If the budgets passed by Senate Democrats and House Republicans offered up competing worldviews, then President Obama will add a third entry to the mix on Wednesday as the White House unveils its spending plan for fiscal year 2014.
The major headline news is already known: Obama will offer to make cuts to Social Security benefits, as he did during the fiscal-cliff negotiations with Republican House Speaker John Boehner.
But, apart from the president’s plan to formalize cuts that he has already proposed, what else can Americans expect from a budget that’s roughly two months late and that follows both parties’ congressional budget proposals?
ON TAXES: Obama will stick to his tax-the-rich theme in this budget, a political idea that helped him win the 2012 election and caricature his opponent, Mitt Romney, as an out-of-touch, country-club Republican.
On the individual side of the tax code, senior administration officials have said that the president will propose a 28 percent cap on itemized deductions for wealthy people, reviving this idea from his fiscal 2013 budget plan. There is one difference this time around. The fiscal-cliff deal made permanent the majority of the 2001 and 2003 tax cuts and, as a result, defined “wealthy people” as those with a household income above $450,000 a year ($400,000 for an individual). This means the capped deduction will not draw as much revenue from taxes, though that may not matter as much because the cliff deal also raised $600 billion in new revenue over the next decade.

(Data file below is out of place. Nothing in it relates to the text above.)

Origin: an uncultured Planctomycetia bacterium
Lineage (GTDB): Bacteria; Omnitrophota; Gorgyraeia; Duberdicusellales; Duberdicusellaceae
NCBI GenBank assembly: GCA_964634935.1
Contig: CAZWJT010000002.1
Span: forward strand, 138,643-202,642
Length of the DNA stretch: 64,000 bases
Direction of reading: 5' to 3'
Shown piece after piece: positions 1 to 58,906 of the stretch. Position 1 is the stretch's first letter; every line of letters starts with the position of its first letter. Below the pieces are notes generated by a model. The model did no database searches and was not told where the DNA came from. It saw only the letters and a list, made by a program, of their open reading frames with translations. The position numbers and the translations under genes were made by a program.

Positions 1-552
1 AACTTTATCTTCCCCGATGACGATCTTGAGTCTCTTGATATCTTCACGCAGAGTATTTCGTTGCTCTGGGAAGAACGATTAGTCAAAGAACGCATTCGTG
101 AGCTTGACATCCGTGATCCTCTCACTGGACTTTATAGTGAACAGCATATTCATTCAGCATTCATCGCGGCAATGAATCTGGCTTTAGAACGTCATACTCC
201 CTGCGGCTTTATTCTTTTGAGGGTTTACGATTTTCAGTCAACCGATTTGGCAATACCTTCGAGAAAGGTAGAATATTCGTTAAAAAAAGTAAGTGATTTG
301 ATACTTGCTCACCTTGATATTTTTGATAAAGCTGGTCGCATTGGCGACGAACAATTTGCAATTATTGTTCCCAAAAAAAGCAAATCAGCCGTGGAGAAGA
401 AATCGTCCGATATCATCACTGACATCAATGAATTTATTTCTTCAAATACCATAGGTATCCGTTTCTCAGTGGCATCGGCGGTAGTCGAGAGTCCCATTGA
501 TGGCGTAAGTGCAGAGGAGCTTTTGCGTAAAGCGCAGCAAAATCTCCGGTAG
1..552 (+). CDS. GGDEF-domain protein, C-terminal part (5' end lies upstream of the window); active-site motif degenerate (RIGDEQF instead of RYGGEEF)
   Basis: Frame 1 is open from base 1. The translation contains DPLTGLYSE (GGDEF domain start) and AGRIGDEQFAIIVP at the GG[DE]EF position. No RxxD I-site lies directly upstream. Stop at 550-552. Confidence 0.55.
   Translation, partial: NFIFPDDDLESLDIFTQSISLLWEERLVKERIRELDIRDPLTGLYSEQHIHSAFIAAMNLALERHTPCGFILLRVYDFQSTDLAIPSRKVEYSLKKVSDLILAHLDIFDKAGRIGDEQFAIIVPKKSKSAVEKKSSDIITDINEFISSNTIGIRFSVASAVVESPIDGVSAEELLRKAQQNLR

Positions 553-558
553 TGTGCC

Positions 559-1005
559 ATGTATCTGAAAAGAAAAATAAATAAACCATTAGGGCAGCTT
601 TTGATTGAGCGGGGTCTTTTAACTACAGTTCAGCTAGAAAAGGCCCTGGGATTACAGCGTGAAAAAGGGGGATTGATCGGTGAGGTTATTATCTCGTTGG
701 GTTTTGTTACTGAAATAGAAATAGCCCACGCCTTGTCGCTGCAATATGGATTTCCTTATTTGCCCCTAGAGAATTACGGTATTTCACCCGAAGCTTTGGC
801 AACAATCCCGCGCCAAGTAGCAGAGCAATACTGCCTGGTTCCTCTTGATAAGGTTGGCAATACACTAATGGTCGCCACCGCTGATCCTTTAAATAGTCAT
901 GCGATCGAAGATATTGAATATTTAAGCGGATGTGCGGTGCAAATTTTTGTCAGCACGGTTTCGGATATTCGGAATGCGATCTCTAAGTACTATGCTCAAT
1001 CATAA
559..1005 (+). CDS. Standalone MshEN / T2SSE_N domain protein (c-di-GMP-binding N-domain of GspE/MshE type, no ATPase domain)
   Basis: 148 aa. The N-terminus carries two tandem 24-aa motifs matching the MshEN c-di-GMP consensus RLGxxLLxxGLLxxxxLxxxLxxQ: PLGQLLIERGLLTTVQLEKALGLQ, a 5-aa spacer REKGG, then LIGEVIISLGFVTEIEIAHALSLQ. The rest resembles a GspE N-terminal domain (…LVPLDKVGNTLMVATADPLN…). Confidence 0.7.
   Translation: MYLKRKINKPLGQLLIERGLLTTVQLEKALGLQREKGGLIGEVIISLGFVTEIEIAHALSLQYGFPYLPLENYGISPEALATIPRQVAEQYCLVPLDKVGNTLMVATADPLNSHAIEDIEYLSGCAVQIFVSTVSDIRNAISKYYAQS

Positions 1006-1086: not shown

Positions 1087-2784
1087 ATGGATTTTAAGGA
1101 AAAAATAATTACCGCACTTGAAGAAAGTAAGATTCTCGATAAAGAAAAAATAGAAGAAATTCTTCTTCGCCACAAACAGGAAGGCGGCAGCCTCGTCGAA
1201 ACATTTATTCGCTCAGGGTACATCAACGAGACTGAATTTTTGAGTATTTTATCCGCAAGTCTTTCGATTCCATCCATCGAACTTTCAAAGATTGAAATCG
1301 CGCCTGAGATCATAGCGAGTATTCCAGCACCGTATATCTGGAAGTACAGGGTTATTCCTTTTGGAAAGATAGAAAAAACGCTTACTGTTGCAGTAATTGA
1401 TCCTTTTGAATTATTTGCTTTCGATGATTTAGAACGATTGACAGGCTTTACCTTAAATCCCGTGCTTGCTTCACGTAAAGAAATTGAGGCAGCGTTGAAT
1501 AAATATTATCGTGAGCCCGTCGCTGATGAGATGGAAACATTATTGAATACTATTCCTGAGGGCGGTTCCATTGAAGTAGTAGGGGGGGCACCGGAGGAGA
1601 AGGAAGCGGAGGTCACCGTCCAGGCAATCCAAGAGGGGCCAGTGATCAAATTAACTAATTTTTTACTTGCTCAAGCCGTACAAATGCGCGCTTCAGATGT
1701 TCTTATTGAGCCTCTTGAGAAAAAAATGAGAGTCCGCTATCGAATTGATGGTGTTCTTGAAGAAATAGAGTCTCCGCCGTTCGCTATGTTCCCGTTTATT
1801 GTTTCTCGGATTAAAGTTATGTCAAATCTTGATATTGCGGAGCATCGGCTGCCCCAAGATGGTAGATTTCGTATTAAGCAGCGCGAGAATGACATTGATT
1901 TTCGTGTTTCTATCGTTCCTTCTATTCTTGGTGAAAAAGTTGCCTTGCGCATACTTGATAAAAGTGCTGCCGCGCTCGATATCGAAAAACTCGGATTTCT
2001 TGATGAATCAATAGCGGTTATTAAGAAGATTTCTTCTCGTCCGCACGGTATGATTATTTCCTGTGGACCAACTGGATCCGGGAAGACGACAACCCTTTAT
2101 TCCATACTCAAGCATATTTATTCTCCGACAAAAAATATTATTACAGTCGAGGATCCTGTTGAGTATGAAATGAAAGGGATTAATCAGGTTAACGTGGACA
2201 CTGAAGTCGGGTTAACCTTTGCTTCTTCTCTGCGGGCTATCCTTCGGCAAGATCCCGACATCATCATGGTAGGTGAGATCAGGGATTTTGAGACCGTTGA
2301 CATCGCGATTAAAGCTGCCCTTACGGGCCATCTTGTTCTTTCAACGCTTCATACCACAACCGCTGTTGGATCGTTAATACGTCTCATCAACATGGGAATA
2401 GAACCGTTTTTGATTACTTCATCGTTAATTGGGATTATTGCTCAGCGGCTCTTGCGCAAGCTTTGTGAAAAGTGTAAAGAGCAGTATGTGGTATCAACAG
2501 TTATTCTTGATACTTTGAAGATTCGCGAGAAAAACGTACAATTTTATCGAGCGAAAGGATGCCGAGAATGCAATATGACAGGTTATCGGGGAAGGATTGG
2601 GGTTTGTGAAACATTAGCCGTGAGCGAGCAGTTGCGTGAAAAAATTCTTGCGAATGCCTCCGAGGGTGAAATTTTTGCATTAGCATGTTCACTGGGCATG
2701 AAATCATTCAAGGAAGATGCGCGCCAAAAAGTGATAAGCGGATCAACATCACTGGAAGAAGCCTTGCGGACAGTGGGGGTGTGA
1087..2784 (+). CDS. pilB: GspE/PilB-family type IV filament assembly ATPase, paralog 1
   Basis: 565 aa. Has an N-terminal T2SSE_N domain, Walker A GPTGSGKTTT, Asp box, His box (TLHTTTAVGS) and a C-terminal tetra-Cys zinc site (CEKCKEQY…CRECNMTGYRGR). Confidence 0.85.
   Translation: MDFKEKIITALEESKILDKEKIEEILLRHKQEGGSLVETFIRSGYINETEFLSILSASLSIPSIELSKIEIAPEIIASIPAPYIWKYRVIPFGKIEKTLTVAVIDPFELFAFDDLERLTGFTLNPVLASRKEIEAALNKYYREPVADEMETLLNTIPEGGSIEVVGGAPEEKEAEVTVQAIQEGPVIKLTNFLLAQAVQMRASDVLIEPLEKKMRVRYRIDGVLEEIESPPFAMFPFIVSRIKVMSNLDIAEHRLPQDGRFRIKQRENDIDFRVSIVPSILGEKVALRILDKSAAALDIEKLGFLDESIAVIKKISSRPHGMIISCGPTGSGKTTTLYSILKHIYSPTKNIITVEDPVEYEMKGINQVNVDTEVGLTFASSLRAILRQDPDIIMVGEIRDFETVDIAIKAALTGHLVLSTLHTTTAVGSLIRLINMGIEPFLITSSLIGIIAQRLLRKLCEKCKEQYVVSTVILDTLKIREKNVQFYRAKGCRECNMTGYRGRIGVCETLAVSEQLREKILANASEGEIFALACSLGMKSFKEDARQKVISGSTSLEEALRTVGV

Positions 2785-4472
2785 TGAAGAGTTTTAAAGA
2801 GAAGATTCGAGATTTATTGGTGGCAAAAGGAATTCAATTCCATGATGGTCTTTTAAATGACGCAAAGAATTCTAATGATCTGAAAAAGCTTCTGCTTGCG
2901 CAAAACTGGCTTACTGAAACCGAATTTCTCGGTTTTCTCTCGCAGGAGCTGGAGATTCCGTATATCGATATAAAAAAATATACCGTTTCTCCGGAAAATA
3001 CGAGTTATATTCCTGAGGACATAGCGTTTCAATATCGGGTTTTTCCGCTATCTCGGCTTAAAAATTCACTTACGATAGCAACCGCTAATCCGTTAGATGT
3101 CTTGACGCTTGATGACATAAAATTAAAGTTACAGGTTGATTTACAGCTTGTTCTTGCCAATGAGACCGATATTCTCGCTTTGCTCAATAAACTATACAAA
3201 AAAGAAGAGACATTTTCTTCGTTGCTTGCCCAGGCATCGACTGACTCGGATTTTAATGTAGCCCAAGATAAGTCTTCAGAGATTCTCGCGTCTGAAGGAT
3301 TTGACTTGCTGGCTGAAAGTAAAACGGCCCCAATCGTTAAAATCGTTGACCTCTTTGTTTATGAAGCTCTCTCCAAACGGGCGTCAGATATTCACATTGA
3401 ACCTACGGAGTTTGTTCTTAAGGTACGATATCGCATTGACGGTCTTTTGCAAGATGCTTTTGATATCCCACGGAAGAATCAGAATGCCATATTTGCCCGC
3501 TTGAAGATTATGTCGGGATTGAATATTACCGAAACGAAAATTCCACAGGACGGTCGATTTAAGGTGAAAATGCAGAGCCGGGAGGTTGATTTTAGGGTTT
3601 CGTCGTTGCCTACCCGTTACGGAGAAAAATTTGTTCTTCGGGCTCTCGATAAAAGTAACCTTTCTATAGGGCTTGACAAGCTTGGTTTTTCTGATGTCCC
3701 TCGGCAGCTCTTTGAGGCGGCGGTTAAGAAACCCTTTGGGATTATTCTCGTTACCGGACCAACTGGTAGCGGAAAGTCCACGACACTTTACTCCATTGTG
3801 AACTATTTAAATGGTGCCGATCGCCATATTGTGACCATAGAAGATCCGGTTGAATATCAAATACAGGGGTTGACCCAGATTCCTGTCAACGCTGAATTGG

The capped deduction highlights one of the few areas of agreement between the two parties on tax policy. That’s the need to reexamine tax expenditures, breaks that cost the government more than $1 trillion a year. The Senate Democrats’ budget called for limiting or eliminating tax expenditures for wealthy people to raise additional revenue, while the House Republicans want to get rid of unspecified tax breaks as a way to lower overall rates and simplify the tax code.
Both congressional proposals were far too vague, but the various budgets—including the president’s—point to a common target and potential area of compromise on tax policy, if and when Congress tackles tax reform.
ON SPENDING: The president’s budget blueprint is expected reflect the new reality that Congress simply will not pass any new stimulus money unless it can find a way to pay for it. Already, nondefense discretionary spending as a share of economic growth is on track to hit a historic low by 2017. The president’s blueprint will keep this script of reduced spending alive.
One new idea—to create more free pre-kindergarten programs for states—would be paid for by raising taxes on tobacco. This echoes a similar spending strategy that the president outlined in his State of the Union address, during which he also proposed raising the minimum wage—an idea in which the higher costs fall to the private sector rather than the federal government.
In the post-fiscal-cliff and sequester era, that may be the only way to propose any new spending programs: find a way to avoid the government having to pay for them.
ON BALANCE: The Obama blueprint will not balance the budget in 10 years, as the House Republican plan purports to do.
This remains a key area of disagreement between the two parties: the necessity of balancing the budget in a 10-year window by cutting spending, transforming social safety-net programs, raising taxes, or implementing some combination of these strategies.
Democrats argue that stabilizing the debt over the next decade goes far enough, especially as the economy continues to recover and unemployment remains high. Republicans, led by House Budget Committee Chairman Paul Ryan of Wisconsin, have argued that failing to balance the budget in 10 years will lead to such high spending levels that it will crowd out money for any other programs apart from the entitlements.
This remains the major sticking point in this round of the budget battles between the two parties—and Obama’s late entry into the budget fray is unlikely to offer a solution.